Top Secret by Michelangelo Carrieri (CC BY-ND 2.0) https://flic.kr/p/8xzAnc

Top Secret by Michelangelo Carrieri (CC BY-ND 2.0) https://flic.kr/p/8xzAnc

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Why So Secret?: Government’s Communications Law Panel Plans to Keep Public Submissions Under Wraps for Months

The deadline for submissions to the government’s Broadcasting and Telecommunications Legislative Review Panel passed last week. I posted my submission yesterday, joined by several other organizations representing differing perspectives (CRTC, CBC, Friends of Canadian Broadcasting, Writers Guild of Canada, Internet Society Canada Chapter, CMCRP). However, public availability of submissions will apparently be the exception for the foreseeable future. The panel has rejected an open and transparent policy making process in which public submissions are publicly available, choosing instead to keep the submissions secret for months.

Parties submitting to the review process were advised that their submissions would be made public (“Written submissions will be made publicly available through the Panel website after the deadline.”). Yesterday, the panel’s website was updated to list the 124 organizations that have met with the panel behind closed doors (I met with the panel last fall) and to note that they have received 2,000 submissions. Yet despite the notification that submissions would be made public after the deadline, the panel has decided to make it long after the deadline with no intention of public posting until after the panel has released its initial report, which could come as late as June 30th.

The secrecy associated with a panel that already conducts most of its activities in secret is contrary to the open-by-default approach promised by the current government. Public availability of the submissions is typically the standard: submissions to the House of Commons committees conducting the copyright review are posted online, the CRTC posts the submissions it receives online, ISED posted responses to its public consultation on Copyright Board reform soon after the deadline closed, and Canadian Heritage posted submissions to its digital Cancon consultation within two weeks of the submission deadline. The notion of waiting months to post submissions to a public consultation would rightly be rejected by the CRTC or House committees as inconsistent with a transparent policy process.

Indeed, keeping the submissions secret for months benefits no one. Rather, it fuels concern about the secrecy of the panel process, it means that stakeholders are unable to assess and consider data and policy proposals from other stakeholders, and it leaves everyone wholly dependent on the panel for an accurate summation of thousands of submissions. What did Netflix say to the government? What about Bell or Rogers? What about the report commissioned by the CMPA from PricewaterhouseCoopers that purports to propose a new broadcast distribution system? How about submissions from individual Canadians concerned with communications policy?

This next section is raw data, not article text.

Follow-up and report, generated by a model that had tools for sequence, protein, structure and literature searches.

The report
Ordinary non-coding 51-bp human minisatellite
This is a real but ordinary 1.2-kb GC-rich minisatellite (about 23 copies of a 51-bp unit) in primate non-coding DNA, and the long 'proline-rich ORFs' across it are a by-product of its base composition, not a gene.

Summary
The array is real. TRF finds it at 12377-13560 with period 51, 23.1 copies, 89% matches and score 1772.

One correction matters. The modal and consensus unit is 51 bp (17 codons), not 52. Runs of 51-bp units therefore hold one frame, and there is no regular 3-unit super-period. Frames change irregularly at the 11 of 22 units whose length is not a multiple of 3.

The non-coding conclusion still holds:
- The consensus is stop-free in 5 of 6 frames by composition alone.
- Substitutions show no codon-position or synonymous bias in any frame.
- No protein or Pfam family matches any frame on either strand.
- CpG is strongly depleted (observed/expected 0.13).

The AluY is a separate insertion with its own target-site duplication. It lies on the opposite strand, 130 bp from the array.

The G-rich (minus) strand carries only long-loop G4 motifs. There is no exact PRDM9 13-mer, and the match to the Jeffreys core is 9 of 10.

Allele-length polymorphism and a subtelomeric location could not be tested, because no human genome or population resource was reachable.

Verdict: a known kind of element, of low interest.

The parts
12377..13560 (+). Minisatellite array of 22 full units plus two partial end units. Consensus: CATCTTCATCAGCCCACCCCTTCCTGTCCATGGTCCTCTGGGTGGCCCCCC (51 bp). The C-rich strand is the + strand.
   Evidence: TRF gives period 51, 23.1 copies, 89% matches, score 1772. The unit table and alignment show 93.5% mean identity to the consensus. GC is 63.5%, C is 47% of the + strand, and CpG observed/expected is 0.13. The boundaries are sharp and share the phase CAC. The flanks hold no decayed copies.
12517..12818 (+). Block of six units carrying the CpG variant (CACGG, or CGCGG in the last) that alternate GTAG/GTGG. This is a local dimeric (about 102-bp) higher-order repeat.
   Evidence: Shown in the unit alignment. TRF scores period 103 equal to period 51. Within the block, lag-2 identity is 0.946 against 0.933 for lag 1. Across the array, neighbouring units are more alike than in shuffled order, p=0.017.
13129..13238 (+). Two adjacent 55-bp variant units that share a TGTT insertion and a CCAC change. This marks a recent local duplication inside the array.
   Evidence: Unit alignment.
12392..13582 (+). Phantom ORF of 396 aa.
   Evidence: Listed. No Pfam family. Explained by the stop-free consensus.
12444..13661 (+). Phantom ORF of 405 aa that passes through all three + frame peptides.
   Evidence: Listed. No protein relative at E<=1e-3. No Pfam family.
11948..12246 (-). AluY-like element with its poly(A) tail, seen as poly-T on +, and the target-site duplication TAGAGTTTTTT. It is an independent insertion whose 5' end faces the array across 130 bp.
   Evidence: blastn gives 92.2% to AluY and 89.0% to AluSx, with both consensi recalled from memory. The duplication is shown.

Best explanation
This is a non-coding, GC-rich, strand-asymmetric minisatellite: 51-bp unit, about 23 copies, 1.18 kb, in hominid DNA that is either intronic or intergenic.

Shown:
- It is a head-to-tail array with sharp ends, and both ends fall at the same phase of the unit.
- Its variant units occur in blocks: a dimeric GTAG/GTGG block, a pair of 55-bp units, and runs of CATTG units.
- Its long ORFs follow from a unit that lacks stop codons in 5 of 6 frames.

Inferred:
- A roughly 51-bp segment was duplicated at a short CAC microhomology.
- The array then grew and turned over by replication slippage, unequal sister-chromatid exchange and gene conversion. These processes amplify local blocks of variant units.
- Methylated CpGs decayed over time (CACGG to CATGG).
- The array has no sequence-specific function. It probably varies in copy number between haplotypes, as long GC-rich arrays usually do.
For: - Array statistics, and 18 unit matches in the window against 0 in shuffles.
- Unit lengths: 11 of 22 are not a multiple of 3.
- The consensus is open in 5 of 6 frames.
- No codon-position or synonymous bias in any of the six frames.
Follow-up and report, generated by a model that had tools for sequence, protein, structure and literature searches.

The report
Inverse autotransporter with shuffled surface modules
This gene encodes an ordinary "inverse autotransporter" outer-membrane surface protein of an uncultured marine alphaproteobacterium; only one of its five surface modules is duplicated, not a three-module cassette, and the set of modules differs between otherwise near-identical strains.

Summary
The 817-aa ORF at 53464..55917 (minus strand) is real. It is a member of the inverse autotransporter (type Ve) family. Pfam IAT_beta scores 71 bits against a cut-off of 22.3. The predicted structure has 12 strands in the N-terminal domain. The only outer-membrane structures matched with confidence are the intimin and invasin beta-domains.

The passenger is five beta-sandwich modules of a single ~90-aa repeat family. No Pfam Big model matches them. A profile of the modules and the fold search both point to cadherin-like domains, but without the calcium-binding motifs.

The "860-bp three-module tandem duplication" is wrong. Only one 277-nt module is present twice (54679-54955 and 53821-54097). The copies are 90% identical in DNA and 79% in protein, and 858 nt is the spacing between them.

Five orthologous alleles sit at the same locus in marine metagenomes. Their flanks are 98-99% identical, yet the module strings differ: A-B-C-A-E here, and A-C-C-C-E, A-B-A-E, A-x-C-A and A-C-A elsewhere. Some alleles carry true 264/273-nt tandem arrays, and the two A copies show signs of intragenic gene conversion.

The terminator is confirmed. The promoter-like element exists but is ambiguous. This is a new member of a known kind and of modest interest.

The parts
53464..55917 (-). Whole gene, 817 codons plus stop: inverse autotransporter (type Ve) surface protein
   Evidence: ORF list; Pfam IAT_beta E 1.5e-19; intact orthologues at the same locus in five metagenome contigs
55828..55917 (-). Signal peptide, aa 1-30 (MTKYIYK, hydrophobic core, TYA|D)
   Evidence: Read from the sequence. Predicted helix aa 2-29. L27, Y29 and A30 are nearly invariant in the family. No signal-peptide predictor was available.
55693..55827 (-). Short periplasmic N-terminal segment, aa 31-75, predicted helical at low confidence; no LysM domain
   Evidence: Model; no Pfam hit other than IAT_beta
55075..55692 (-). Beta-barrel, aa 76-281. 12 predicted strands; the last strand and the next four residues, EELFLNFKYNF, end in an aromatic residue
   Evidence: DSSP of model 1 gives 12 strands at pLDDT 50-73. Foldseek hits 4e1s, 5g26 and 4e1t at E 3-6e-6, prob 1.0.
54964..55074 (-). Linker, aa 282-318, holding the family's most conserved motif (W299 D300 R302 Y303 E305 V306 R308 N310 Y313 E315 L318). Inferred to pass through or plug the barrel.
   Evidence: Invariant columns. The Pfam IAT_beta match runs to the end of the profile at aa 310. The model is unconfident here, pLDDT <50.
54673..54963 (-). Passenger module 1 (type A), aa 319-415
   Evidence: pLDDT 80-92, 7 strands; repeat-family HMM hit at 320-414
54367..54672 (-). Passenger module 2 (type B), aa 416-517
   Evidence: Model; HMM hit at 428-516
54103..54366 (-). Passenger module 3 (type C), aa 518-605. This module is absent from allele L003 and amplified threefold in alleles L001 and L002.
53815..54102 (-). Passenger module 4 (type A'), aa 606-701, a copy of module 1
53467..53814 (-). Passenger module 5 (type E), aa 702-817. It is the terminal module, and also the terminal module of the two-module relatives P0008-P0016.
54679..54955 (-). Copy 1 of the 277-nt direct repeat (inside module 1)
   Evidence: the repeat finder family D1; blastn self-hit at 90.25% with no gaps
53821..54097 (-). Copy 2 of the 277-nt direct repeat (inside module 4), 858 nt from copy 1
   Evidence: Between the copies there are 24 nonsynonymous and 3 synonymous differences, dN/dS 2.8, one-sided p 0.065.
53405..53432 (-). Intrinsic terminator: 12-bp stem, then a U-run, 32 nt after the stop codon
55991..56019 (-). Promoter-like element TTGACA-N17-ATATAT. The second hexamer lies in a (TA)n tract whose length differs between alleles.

For the responsible ministers – ISED Minister Navdeep Bains and Canadian Heritage Minister Pablo Rodriguez – this is a bad look that signals the panel is more interested in secrecy than sharing the substance behind what Canadians are saying about their communications law. I have filed an Access to Information request for the submissions (and would be happy to update this post with links to other publicly posted submissions), but ATIPs should not be required for public submissions. The panel should reconsider its approach and post all submissions as soon as possible.

[Update: Submissions also posted by:

4 Comments

  1. Seriously, why do we even have to fight for that transparency at all? And this from our own government!

  2. Being able to respond and counteract other submissions with fact and reason is very important. I waited until late in the submission period before submitting my submission to the BC Legislative Committee considering how to respond to the Federal PIPEDA mandate to pass Substantially Similar Provincial Legislation or have PIPEDA apply Provincially. That let me respond to ridiculous claims by Business Council of BC spokesman Kevin Evans, and others. They seemed to be trying to wrap themselves in the Provincial Flag and drum up the equivalent of “States Rights” resentment against supposed Federal Intrusion. I was able to use Public Opinion Surveys conducted by Equifax Canada to show the huge Opionion Gap between “Business Leaders” who saw a chance to make a buck by invading privacy, and the vast majority of the public that wanted uniform privacy protection in all areas of their lives from coast to coast. I ended up being cited twice in the committee report that recommended passing what became the PIP Act.

  3. Lisa Macklem says:

    The irony….

  4. Pingback: News of the Week; January 16, 2019 – Communications Law at Allard Hall

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